'The Voice' recap: The Top 5 perform, make heartfelt dedications
The Swon Brothers took the stage first, dedicating "Turn The Page" by Bob Seger to all the guys in Oklahoma who've ever played with them. Adam and Usher praise them for dedicating it to the ones who really matter. Blake says the performance set the tone for the night.
Danielle Bradbery and Amber Carrington get video messages from Tim McGraw and Katy Perry, respectively, which is pretty cool.
Sasha Allen's up next, chosing Whitney Houston's "I Will Always Love You" for her children because the song is about unconditional love. She fumbles out of the gate, as if she was confused by when she was supposed to come in. By the time she hit the key change, however, she'd recovered, nailing that sustained note that the song is so famous for. Will the recovery have been enough? Adam remarks that, besides The National Anthem, this song is the hardest song to sing, but says she did well.
Michelle Chamuel heads home to Amherst to visit her friends and family, plus her former place of employment, Woodstar Cafe. She also got the opportunity to sing "God Bless America" at Fenway Park during a Red Sox Game. For her first song, she's singing "Clarity" by Zedd featuring Foxes. It's not as well-known a song, but I'd venture to say it positions Michelle as the premiere "Voice" dance music artist. She rules on this song. The audience eats up the performance, as do the coaches. Let's hope this one sells well on iTunes.
Danielle visited home, returning to a huge party of family and friends. After her visit, she went by her high school, where she was greeted with a pep rally, essentially, where she finds out she'll be singing The National Anthem at that night's Houston Astros' game. For her first song of the night, she's taking on McGraw's "Please Remember Me." She sounds and looks terrific, handling the song with her typically startling ease. Can anything fluster this girl?
Amber is performing Perry's "Firework" tonight in dedication to her group of girlfriends who got her through being a teenager. As the song begins, it's clear that the low notes in the first verse are a challenge for Amber's range. This song, as with most pop songs, is made up of mostly just-too-low notes and just-too-high notes. It's not a terrible performance, but the challenge to her vocal range is too evident for this point in the competition.
The Swon Brothers visit home to Oklahoma, arriving at a party full of family and friends. Afterwards, they take a visit to the Oklahoma Music Hall of Fame, where they used to work and give tours. It's there that they're surprised with the 2013 Rising Star Award, with a video congrats from Vince Gill. For their second song, they're singing "Danny's Song," by Loggins and Messina. It's a surprisingly understated performance, with just the two at the piano. At times, it appears that Colton doesn't have much to do, but when the harmonies kick in, it's pretty beautiful. Solid song choice.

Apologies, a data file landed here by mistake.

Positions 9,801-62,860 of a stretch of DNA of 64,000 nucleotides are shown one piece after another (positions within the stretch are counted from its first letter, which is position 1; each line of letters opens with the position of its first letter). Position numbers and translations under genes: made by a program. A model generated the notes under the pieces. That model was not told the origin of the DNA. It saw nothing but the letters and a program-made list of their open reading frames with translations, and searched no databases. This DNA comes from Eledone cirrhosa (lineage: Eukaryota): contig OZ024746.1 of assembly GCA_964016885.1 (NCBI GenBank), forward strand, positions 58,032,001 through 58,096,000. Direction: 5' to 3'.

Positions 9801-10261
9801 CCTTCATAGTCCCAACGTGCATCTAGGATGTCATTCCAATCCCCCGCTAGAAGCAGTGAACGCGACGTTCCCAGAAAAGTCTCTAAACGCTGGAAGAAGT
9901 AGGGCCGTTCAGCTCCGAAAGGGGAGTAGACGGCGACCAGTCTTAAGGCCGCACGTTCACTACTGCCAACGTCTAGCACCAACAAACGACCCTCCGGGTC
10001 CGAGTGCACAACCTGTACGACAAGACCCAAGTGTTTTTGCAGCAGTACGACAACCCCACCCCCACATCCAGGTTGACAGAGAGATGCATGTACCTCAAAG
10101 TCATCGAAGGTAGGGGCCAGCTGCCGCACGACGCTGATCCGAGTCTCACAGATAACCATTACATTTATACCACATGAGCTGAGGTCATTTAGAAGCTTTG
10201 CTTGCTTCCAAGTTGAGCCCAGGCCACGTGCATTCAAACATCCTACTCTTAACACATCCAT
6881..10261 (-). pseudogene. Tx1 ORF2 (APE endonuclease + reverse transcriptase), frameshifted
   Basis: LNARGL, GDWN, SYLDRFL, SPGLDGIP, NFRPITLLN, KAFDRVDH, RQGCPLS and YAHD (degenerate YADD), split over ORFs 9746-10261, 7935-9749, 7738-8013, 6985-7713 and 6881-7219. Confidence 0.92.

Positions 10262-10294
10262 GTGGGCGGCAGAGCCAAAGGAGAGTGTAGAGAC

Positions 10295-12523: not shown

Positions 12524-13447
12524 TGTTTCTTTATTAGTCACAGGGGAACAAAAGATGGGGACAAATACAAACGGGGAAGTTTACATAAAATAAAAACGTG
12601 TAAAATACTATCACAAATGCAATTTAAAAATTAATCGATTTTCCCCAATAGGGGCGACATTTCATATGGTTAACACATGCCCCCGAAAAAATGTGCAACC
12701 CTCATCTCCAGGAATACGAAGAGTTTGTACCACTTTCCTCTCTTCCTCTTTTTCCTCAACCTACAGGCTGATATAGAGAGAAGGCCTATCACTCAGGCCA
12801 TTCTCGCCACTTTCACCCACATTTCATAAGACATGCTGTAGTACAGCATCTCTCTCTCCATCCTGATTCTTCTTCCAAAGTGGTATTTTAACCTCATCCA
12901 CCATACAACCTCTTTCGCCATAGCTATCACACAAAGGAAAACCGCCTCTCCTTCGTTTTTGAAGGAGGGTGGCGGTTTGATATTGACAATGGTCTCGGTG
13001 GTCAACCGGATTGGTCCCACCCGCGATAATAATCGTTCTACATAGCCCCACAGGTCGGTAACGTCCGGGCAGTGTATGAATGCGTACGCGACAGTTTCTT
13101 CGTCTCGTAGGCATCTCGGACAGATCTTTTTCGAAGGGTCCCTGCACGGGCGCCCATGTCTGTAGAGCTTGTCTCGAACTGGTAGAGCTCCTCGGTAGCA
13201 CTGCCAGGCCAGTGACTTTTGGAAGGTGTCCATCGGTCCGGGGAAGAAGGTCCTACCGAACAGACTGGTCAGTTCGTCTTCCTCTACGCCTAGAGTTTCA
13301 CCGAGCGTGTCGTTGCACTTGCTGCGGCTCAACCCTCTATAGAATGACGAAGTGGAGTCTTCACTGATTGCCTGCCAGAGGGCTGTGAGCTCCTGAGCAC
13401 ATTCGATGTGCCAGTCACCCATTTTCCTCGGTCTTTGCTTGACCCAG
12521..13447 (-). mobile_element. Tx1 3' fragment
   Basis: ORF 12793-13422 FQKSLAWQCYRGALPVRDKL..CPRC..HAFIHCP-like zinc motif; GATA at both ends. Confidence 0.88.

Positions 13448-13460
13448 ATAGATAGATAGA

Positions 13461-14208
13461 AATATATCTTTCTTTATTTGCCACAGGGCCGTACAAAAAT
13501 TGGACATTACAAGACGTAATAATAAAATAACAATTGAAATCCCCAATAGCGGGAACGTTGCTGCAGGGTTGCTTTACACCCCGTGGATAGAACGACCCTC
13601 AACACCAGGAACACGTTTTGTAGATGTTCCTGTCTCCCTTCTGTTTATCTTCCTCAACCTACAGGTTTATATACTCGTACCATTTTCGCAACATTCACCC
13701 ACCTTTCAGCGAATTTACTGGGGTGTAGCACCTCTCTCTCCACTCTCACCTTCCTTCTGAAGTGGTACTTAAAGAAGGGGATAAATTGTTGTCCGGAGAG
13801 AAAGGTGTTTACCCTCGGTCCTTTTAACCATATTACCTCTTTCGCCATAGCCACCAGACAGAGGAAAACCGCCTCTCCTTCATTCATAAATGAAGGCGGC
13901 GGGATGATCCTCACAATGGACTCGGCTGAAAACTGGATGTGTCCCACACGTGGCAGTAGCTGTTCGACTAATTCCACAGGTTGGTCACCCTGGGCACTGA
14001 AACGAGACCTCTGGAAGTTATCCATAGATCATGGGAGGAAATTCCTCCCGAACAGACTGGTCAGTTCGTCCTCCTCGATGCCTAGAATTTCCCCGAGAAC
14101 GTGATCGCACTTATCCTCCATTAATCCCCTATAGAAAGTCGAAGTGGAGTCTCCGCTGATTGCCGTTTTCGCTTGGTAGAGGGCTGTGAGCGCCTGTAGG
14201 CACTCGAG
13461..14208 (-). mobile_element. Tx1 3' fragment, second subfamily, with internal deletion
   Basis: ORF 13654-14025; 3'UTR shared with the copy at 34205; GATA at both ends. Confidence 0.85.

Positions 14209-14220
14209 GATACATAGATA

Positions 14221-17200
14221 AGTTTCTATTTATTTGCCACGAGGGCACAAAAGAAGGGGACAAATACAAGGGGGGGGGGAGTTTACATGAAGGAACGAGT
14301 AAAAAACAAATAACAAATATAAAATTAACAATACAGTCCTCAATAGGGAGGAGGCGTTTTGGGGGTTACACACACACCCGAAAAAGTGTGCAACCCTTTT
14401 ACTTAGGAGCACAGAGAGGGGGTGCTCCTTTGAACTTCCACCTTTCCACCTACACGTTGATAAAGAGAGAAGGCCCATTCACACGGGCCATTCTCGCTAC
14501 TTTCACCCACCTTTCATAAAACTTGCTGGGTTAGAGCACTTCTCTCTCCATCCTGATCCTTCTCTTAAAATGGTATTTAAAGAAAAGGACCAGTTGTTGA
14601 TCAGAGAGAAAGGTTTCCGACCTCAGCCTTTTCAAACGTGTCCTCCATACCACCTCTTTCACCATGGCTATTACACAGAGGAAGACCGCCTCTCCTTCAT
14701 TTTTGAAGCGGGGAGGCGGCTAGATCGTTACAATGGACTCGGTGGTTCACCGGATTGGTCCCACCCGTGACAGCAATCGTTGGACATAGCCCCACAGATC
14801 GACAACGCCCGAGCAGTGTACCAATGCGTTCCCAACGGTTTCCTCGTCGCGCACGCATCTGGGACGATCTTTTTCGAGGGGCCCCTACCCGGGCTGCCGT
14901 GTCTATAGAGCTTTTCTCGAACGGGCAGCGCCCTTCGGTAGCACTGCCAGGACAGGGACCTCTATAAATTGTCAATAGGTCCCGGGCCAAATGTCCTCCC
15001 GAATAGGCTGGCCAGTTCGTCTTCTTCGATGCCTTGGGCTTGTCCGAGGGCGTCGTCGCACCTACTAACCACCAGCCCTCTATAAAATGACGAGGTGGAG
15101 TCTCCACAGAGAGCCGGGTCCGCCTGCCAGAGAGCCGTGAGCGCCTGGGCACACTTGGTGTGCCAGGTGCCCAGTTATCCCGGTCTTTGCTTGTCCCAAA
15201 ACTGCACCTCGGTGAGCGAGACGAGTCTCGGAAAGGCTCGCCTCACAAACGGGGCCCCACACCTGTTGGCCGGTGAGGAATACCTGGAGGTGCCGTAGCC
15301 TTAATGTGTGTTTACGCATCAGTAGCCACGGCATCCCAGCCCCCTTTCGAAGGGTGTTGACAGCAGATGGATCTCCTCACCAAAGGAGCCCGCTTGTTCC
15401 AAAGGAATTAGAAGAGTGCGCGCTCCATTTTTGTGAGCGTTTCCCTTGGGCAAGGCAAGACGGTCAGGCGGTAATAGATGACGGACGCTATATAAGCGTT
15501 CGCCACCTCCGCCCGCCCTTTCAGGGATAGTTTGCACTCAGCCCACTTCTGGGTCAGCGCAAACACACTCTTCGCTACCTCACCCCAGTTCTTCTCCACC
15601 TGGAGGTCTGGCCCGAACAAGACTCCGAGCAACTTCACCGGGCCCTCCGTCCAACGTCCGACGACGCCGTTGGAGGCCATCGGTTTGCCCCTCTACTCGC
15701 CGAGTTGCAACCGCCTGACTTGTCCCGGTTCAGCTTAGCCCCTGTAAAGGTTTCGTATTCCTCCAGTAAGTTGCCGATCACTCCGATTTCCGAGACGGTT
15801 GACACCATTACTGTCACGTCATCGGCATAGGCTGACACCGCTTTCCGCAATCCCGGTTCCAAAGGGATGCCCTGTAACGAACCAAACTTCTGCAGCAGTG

Sasha heads home to New York to see her daughter and fiance for the day, having probably the most heartwarming homecoming, considering she's the only finalist with children who she hasn't been able to see. Her second song for the evening is Donna Summer's "Bad Girls." There's a playful spirit to this performance that's been lacking at times throughout the season -- not to mention she sings the heck out of it.
Danielle is dedicating her second song, "Who I Am" by Jessica Andrews, to her parents and her best friend for their support. Watching her mom cry in the audience as she sang the line, "When the day is done, my mama's still my biggest fan" put a little lump in my throat, and I doubt I'm the only one.
Amber went home to Dallas, arriving at a party full of family. She also stopped by the boutique she once worked out, where she learned that they had a section of Amber Carrington merchandise. At a waterfront performance, she's awarded the key to the city. For her second song of the night, she's singing one of her coach's songs, "Sad" by Maroon 5. The intro sounds incredibly off-pitch, but I'm worried the unfamiliarity with the song might be a detriment. Adam praises her for singing it better than he does, so there's that.
Michelle's back to wrap the night up, with a dedication of Cyndi Lauper's "Time After Time" to her coach, delivering a sweet message to Usher. She had her first really big moment this season with a Lauper track, so it's a particularly shrewd move to go to that well once more. It's another stellar performance from the only non-country artist with a chance in this game. That exploding clock didn't hurt things either.
Who'll be a part of the Top 3 and who will get the boot, "Voice" fans?